CLG Wh1t3zZ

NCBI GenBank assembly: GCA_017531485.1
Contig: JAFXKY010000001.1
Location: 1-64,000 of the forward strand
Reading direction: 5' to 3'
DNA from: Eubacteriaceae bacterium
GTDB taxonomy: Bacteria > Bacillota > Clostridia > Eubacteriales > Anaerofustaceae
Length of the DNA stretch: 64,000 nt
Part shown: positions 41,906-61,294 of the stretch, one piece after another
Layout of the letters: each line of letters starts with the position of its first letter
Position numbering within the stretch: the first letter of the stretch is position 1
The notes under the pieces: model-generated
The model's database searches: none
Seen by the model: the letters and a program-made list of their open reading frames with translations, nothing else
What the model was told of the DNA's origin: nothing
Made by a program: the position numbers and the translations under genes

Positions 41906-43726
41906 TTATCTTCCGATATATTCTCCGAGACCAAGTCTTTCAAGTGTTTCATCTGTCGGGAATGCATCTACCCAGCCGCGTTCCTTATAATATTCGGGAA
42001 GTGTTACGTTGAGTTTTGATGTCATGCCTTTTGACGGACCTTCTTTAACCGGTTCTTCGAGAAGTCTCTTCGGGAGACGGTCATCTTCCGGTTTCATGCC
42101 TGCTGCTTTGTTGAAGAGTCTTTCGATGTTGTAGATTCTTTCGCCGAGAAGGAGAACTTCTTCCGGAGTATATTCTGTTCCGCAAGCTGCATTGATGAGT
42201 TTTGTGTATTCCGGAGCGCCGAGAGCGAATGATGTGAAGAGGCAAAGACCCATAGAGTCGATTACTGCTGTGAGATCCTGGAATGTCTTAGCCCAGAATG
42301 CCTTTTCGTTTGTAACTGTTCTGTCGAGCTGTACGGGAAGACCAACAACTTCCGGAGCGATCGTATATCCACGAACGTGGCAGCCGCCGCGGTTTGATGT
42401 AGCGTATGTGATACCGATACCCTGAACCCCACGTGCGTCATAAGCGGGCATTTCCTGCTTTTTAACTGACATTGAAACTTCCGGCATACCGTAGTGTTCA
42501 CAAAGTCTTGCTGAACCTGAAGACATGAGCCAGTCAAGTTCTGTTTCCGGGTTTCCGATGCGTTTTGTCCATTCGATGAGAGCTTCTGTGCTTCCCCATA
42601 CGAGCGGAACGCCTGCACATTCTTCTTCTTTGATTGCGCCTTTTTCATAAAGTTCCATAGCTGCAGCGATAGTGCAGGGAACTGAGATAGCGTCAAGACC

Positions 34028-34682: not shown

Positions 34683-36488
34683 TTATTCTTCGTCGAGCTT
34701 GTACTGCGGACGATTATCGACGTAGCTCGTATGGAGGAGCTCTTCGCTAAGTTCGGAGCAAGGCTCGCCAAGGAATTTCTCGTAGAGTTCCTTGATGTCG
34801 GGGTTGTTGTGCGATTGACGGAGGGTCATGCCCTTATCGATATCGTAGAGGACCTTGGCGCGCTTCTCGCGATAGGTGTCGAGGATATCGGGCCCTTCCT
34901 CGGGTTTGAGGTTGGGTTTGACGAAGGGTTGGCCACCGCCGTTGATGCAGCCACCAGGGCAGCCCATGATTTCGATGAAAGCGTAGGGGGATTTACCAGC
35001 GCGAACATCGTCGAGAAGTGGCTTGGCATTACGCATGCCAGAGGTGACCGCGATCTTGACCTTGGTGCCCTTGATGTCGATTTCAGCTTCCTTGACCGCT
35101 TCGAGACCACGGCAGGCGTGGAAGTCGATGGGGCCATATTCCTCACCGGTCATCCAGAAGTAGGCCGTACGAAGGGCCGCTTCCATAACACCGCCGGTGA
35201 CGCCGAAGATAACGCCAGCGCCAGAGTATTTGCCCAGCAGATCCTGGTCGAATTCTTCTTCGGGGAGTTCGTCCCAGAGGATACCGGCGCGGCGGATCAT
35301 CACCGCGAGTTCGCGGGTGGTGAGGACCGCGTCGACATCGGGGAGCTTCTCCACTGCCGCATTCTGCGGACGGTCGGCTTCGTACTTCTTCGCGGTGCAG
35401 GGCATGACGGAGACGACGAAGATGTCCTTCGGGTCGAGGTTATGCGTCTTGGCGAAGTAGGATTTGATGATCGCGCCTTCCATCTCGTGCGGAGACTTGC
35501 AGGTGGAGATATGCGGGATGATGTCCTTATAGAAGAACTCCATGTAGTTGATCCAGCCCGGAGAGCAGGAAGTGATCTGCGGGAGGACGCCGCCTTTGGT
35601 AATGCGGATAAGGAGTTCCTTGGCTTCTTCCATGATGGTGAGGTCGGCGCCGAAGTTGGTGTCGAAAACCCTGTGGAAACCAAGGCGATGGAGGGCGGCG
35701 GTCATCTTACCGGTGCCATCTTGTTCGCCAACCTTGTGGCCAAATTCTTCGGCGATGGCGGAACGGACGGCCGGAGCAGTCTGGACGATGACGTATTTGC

Remember this screenshot? How there was mad speculation about it and how it never seemingly came to anything? The time was after Season 3 World Championships, Royal Club had both shocked and disappointed the world by reaching the finals and then crashing to SK Telecom T1 K in an equally spectacular fashion. Tabe and Wh1t3zZ had always maintained that after Season 3 World Championship, regardless of result, they were going to retire. Tabe cited poor paying conditions for Chinese players and while the squad limped onto the WCG 2013 Chinese Qualifier (that they did not perform well in) they decided to throw in the towel afterwards. What most people don’t know is that CLG instigated several talks with Wh1t3zZ about him playing midlane for CLG and switching Link to jungle. While we know now CLG picked up Dexter for the jungle and kept Link in the midlane this was primarily due to Wh1t3zZ sticking to his guns and retiring. Had Wh1t3zZ chosen to accept then CLG would be a different team. First off it can be said that, just in terms of laning, Wh1t3zZ might be the closest to perfect anyone’s ever seen (just remember the spanking he gave xPeke at Season 3 World Championships). Yes his team fighting was mediocre (he typically just focused on protecting Uzi and didn’t really land any big ultimates or flashy plays), his roaming needed work and his champion pool was weird (not neccessarily weird in a bad way though, he had a lot of pocket picks) but he could’ve done serious work for CLG. Just look at how Bjergsen crushed through NA in the first few weeks of the NA LCS, his razor sharp laning from a different land was too much for his NA rivals to handle and he carried games off the back of that alone. While it’s true that Bjergsen fell off a bit as the season progressed (differing trends in champion pools that he didn’t keep up with, Link returning to midlane, Shiphtur finding his competitive identity and Hai stepping his game up) it’s difficult to argue that Wh1t3zZ wouldn’t have  been an even greater monster in the North American midlane. I really can’t stress enough how perfect this guy’s laning was and how he could’ve melted the entire North American LCS. Dexter obviously got offers back home in Europe in an amoungst all the roster reshuffles that took place in the off season. Both the Copenhagen Wolves and SK Gaming seem like extremely likely candidates to give Dexter a spot given how high of a regard he is held in back home (Dexter commented that no currently top 4 EU team at the time offered him a spot so he decided to go overseas) and it’s possible that either of those teams would’ve been stronger with him. Follow the rabbit hole deep enough and that’s where he can get really interesting. Suppose Dexter did join Copenhagen Wolves, would that have affected their ADC tryouts that ended with FORG1VEN joining? And with the news of TSM Amazing being made public it’s possible that we’d see TSM Dexter if the events stayed the same. It can be said certainly said that if Dexter joined CW then Amazing would’ve never gotten the exposure to make the big transfer to TSM possible, interesting to think about at least.